There are a number of absorption obstacles in the B12 uptake pathway that can prevent the vitamin from being properly bound, transported, absorbed, and utilized. This illustration depicts several of these obstacles and summarizes the associated causes that interfere with normal B12 absorption.
① The first obstacle is a diet that is deficient in animal based foods. There is no active vitamin B12 in anything that grows out of the ground. Thus, a vegan diet will contain no Cbl and require some form of Cbl supplementation. Vegetarians who may consume milk products can obtain Cbl from their diet, although in smaller amounts. The foods containing the highest amounts of Cbl are seafood, meats, and poultry, followed by eggs, milk, and other dairy sources.
② A second common absorption obstacle that occurs is the inadequate secretion of acid and pepsin in the stomach, preventing the severing ofCbl from ingested animal protein. This disorder is called Food-Cobalamin Malabsorption (FCM) and it is the most prevalent form of B12 malabsorption. In elderly patients, FCM can account for up to 60% of the cases of B12 deficiency., Any process that interferes with gastric acid production can lead to this impairment., Over the age of fifty, the body’s ability to generate sufficient hydrochloric acid (HCl) can decline significantly. This condition is referred to as either hypochlorhydria (acid levels are merely reduced) or achlorhydria (hydrochloric acid is totally absent) and is commonly due to Atrophic gastritis. The incidence of hypochlorhydia in the elderly population is estimated to be 20-50%.
③ A third obstacle that occurs is the inadequate secretion of IF from gastric parietal cells. Pernicious anemia, characterized by the loss or decline of IF secretion, is a classic cause of B12 deficiency and is also more prevalent among elderly patients. This condition is the end stage of type A chronic atrophic (autoimmune) gastritis. Type A gastritis results in the progressive destruction and eventual loss of parietal cells in the fundus and body of the stomach. The loss of these parietal cells results in vitamin B12 deficiency and pernicious anemia. Type A gastritis is assumed to be the forerunner of about 90% of the cases of pernicious anemia. Gastrectomy and surgical resection of the terminal small intestine are also a cause of B12 malabsorption. Total gastrectomies and most partial gastrectomies eliminate both the only source of intrinsic factor and, especially, gastric acidity.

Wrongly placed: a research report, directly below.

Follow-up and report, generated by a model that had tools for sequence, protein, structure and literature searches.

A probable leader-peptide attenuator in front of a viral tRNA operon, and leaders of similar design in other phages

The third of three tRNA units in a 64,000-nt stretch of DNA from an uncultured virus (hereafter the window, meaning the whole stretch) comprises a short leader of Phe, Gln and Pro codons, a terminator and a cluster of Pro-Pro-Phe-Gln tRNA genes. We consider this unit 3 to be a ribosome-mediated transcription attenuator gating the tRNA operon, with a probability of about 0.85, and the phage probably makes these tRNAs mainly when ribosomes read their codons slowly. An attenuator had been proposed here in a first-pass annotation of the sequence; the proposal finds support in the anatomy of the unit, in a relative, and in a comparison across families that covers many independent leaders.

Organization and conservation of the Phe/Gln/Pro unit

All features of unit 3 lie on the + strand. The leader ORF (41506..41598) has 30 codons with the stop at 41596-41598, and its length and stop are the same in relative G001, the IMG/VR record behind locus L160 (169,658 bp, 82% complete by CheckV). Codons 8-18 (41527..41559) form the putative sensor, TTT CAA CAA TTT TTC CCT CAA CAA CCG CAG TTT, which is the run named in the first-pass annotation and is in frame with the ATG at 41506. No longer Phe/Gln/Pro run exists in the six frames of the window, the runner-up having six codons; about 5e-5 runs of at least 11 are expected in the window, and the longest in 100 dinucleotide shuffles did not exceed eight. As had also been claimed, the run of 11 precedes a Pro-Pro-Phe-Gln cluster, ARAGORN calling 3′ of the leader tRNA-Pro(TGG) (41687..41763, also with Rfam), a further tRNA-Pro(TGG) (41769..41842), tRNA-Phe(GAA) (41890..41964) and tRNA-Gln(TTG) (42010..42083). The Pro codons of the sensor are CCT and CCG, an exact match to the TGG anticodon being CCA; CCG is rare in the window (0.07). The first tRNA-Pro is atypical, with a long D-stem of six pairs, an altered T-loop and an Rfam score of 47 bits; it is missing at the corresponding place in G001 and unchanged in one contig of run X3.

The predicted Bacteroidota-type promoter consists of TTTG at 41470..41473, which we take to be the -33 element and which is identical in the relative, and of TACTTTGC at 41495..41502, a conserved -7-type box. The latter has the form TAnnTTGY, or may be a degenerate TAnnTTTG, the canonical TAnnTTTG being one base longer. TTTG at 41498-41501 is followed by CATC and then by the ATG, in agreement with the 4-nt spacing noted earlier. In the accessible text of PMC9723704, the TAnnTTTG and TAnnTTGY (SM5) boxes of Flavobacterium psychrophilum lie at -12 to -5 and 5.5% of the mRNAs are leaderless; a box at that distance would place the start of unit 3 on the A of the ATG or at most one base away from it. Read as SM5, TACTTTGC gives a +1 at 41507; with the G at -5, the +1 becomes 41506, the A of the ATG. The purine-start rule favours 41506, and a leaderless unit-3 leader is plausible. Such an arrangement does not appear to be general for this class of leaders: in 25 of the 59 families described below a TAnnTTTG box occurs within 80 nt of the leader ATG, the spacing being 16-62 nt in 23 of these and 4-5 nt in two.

④ A fourth absorption obstacle is the inadequate release of pancreatic enzymes to degrade the Cbl-R complex and release Cbl for binding to IF. Any interruption in the transfer of Cbl from R to IF can lead to Cbl malabsorption as the Cbl will be unable to bind to IF and be transported as a complex to the physiologic receptor cubilin.
⑤ A fifth obstacle highlighted is the competition for Cbl uptake that can occur from bacteria or intestinal parasites, preventing Cbl from binding to IF for physiologic absorption. Once B12 has been taken up and utilized by bacteria, it is rendered unavailable for absorption. Reduction in gastric acid from any cause may result in bacterial overgrowth in the stomach and a rise in the number of organisms as the intragastric pH rises.
Other causes of bacterial overgrowth include reduced peristaltic activity and mucosal damage or atrophy. Autoimmune gastritis resulting from the production of parietal cell antibodies in pernicious anemia is the classical natural cause. The introduction of acid suppression drugs such as H2 antagonists and PPI’s also induce bacterial colonization of the stomach. Finally, chronic infection with H Pylori resulting in gastric atrophy and loss of parietal cell mass is the most common cause of hypochlorhydria (low stomach acid) and/or achlorhydria (lack of stomach acid) worldwide.